“I can do everything through Christ, who gives me the strength” – Philippians 4:13
A visit to the Rotary International (RI) website reveals that RI is the world’s largest service organisation for business and professional people, with some 1,243,000 members in 163 countries world-wide.
On February 23, 1905, Chicago lawyer, Paul P. Harris, called three friends to a meeting. What he had in mind was a club that would kindle fellowship among members of the business community. The four businessmen did not decide then and there to call themselves a Rotary Club, but their get-together was, in fact, the first meeting of the world’s first Rotary Club. As they continued to meet, adding others to the group, they rotated their meetings among the members’ places of business, hence the name.
In Barbados there are three Rotary Clubs, in chronological order of establishment:
(1) Barbados, Barbados; (2) Barbados, West; and (3) Barbados, South. Our club is the youngest of the three and on Thursday we recorded our 25th anniversary. Last week was one of celebration beginning with a church service at St. Matthias Church where Rev. deVere Murrell conducted what was for me a very innovative and attractive service format where he engaged in interactive dialogue with the children and adults in the congregation. Keith Bourne, also noted for his credit union exploits, was ever energetic as he tickled the ivories of the organ.
The next event on Wednesday was a guest lecture by Professor Pedro Welch, Dean of the Faculty of Humanities and Education at the University of the West Indies, Cave Hill Campus. The theme of his lecture was “Volunteerism and Vision” and he stimulated much thought as he traced the history of volunteerism and concluded that it is as relevant in today’s modern world as it ever was. Another event was the feeding of the indigent at Heroes Square on Thursday night and the week culminated with a cocktail reception at the Prime Minister’s residence at Ilaro Court where the past Presidents of the club were all recognised for their contributions over the years.
The motto of RI is “Service above Self’ and it is indeed an organization of volunteers. Rotarians, who are busy business people, are encouraged to manage their time so as to achieve a harmonious mix between professional activity, health, personal development and volunteerism, as a way of giving back to society.
Professor Welch, stimulated thought in many areas and for me this triggered a question to which he very kindly responded. I painted the picture of Barbados with a governance structure which consists of a social compact (government, private sector and trade unions) with inputs also from civil society. Even though Barbados has certainly not showed any tendency to sink to the depths of despair since gaining independence from Great Britain in 1966, it has only maintained an even keel even though, in my opinion, we have the potential for sustained exponential growth.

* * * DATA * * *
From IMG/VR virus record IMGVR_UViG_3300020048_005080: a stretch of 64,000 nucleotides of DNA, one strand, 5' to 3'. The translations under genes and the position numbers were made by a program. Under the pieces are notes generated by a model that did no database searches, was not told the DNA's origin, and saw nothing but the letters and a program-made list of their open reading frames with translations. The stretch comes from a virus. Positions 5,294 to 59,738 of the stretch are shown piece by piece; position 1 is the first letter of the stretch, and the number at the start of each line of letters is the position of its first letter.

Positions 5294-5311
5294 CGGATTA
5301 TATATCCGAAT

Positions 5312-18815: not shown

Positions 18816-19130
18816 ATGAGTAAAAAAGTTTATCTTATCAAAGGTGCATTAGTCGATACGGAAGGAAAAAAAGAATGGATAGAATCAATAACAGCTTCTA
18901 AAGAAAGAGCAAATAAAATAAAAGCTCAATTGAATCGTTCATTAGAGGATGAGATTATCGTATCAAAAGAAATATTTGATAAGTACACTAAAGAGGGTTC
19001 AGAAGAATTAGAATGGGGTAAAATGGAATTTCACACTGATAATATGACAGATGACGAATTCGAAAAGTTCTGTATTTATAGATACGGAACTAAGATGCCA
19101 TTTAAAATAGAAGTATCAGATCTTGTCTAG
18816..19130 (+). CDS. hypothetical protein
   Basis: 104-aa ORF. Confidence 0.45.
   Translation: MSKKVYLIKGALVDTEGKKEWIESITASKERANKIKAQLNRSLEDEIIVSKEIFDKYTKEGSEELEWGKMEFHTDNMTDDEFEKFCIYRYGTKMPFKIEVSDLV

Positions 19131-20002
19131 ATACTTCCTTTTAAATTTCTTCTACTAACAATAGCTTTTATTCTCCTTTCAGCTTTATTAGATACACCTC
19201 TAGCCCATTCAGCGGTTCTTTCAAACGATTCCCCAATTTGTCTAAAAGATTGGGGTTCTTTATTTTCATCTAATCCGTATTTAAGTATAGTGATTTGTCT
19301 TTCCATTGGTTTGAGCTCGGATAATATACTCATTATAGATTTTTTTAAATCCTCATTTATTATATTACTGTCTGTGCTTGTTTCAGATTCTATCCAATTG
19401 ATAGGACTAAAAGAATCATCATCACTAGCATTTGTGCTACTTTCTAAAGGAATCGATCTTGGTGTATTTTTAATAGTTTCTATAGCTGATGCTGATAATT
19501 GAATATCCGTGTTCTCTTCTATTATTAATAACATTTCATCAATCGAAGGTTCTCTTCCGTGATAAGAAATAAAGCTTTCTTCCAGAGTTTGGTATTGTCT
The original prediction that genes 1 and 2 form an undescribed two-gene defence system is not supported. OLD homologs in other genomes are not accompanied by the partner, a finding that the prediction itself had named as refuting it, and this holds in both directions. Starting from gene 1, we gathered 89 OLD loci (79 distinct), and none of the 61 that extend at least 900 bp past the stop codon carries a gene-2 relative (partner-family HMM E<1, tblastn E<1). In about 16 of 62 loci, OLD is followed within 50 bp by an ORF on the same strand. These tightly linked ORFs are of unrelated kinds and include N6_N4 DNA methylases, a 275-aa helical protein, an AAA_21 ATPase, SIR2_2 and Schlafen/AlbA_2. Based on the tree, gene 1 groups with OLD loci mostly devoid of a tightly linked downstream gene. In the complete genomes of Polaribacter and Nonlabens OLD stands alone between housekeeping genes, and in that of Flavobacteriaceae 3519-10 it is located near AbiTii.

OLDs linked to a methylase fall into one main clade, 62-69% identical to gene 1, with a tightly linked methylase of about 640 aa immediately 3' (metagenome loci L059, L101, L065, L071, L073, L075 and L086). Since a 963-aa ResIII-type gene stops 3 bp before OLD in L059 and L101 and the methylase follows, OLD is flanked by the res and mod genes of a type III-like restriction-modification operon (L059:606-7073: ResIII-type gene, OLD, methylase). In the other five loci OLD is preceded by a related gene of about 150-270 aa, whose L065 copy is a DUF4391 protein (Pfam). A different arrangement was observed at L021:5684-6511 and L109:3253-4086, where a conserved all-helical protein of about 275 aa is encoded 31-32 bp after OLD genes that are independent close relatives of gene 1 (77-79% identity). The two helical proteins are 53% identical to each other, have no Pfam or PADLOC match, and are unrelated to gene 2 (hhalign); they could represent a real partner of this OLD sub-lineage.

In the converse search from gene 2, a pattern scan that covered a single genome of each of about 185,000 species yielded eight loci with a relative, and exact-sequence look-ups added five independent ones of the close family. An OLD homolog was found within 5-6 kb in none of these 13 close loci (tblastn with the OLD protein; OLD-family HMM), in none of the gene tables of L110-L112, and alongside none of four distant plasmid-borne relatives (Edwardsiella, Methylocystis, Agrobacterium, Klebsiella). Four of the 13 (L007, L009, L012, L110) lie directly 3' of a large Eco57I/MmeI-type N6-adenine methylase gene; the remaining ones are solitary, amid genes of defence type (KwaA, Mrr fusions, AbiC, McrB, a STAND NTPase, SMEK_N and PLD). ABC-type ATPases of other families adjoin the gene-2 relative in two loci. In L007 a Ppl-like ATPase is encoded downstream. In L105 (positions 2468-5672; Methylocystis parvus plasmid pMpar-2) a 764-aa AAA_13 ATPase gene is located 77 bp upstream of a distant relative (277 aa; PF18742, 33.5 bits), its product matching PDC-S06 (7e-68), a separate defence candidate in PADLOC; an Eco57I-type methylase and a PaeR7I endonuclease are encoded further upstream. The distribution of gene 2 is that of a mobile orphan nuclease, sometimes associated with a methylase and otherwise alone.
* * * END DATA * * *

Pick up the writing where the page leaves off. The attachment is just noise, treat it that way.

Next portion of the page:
Indeed there are many countries, including the Asian Tigers, which have surpassed Barbados in terms of growth and socio-economic wellbeing, even though at the time of Barbados’ Independence, according to all socio economic indicators, Barbados was well ahead of the pack.
Even though today Barbados is said to punch above its weight, there is something missing in terms of the drive to achieve this exponential growth. I reminded Professor Welch of the current activities of the E team which is a group of local and international volunteers with an interest in the development of Barbados. Last year they formed themselves into the ‘The Barbados Entrepreneurship Foundation” and set themselves the goal: “Barbados the Number One Entrepreneurial Hub in the World by 2020.
The first step towards this goal was a Summit held in November 2010 and there will be ten other Summits culminating in the “moon landing” in 2020. There was tremendous response at the 2010 Summit and this which has been sustained subsequently as we conducted our first monthly networking session. The next monthly session takes place at the Island Inn tomorrow night. I shared with Prof. Welch the potential thrust which is about to be experienced as the BEF mobilises and puts this abundance of voluntary assistance into action. This potential energy has been likened to a positive tsunami which is about to penetrate the shores of Barbados. Instead of seeking higher ground, in this tsunami we all join hands and put our shoulders to the plough as we ride on the momentum generated. My specific question was “How does he think such an initiative would be received in Barbados?”
He responded immediately, admitting that he was not privy to the details of the initiative, but pointed out two key issues that should be addressed. Firstly, human nature is such that those governing the status quo tend to be resistant to change especially changes which might be effected by tsunami type forces; but secondly he noted that, if there is buy-in for the new dispensation then the same human beings might be persuaded to go along for the ride especially in search of greener pastures on the other side of the fence.
I thanked him and reclined in the comfort of the knowledge that the BEF had extended its arms to as wide a cross section of stakeholder as possible with promising responses.
We promote the philosophy that “if Barbados wins, we all win”. Do not use your limitations as an excuse for avoiding what God calls you to do.